Junking with a purpose
At sometime in your young life you have probably heard the phrase: "One man's junk is another man's treasure". Not too long ago grandmas and grandpas traveled the back roads and highways "junking" in search of yard sales or antique shops on "junker's row" in a hunt for cast-off treasures, coins, and such. Now-a-days most people have become savvy to the practice and get their so-called junk appraised or they check the going price on eBay before putting their treasure on the market. There are even TV programs dedicated to attic finds and forgotten treasures in old cupboards.
Junkyard junking is not about buried treasures. It is about using your ingenuity and smarts to create things from discarded or unwanted parts for the least amount of money.
Junking = easy pickings
Our grandson likes to go junking in his spare time - something he has had an increasing interest in for several years. This is how he describes it:
When he goes to the junkyard he wanders around for awhile, sometimes for an hour or two, just looking at things. He says it usually helps to make one go-around before you start scrounging and picking things out. This way you know what's available in order to assemble the parts needed for the project and what parts go together; e.g., will this bushing fit over this rod?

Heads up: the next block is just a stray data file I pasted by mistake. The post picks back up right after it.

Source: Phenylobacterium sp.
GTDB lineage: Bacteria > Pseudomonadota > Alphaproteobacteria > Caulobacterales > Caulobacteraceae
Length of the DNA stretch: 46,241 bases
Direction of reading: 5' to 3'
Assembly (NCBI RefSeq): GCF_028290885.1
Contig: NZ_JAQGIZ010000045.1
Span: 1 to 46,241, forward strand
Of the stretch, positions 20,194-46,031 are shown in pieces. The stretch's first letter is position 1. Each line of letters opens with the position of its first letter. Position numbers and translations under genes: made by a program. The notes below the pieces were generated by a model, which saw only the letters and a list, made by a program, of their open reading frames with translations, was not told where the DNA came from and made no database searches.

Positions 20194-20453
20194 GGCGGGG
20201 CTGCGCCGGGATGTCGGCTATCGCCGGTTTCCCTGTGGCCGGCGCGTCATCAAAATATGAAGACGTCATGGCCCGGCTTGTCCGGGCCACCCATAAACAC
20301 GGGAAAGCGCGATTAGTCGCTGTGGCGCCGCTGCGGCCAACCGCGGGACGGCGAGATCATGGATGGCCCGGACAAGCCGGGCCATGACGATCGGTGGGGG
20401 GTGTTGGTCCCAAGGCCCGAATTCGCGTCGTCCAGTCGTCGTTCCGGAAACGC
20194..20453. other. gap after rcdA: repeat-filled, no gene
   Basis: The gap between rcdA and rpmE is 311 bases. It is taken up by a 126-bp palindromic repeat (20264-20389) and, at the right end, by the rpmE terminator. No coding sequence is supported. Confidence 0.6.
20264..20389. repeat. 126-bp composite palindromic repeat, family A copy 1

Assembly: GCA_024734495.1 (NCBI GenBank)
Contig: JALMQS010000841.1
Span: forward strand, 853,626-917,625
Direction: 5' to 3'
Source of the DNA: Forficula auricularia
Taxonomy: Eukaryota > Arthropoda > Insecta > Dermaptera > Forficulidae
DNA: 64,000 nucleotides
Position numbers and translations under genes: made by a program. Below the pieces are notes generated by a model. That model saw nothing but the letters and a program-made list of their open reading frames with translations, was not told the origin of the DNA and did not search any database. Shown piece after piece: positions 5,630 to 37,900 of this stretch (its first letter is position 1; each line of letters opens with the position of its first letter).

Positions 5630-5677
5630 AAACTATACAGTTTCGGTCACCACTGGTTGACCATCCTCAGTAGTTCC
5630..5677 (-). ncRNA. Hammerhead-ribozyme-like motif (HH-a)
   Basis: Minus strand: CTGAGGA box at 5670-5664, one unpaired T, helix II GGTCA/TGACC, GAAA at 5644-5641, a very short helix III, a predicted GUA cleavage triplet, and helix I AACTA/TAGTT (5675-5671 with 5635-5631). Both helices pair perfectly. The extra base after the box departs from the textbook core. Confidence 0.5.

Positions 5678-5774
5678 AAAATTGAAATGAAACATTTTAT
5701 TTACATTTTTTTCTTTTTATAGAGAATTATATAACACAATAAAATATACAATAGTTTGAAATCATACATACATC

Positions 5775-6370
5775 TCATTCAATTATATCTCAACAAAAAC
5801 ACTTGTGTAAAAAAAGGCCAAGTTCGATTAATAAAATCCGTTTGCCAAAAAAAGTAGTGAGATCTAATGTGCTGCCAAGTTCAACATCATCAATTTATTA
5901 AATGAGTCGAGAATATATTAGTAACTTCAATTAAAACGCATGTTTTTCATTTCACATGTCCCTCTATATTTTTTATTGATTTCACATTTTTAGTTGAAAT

When finished scrounging, the next step is paying for them. If the price is missing it usually works in your favor … just ask what the price is and it goes something like this: "How much for this little sump pump? It looks kinda dirty and its missing the plug." "Oh, How about 10 bucks." Chances are the missing price was twice as much. Or "Can you discount it if I get everything in the cart?" Or "I only have 10 bucks." It never hurts to drive a bargain when junking.
Make Magazine did an article on his Play Station Wizard project in their Volume 13 issue. You can see some of his other projects on Photobucket – from his shopping cart project to more advanced ones like building a computer in a Lucite box with all the lights and whistles. If it has wheels and computer parts, it "talks" to him. Then he talks to Granny (me); e.g., about funding his wheelchair "find" to make the shopping cart caravan you can see in Photobucket. Most of his finds come from junking at junkyards or sidewalk discards.
Get creative, start junking. It's a buzzing kids world.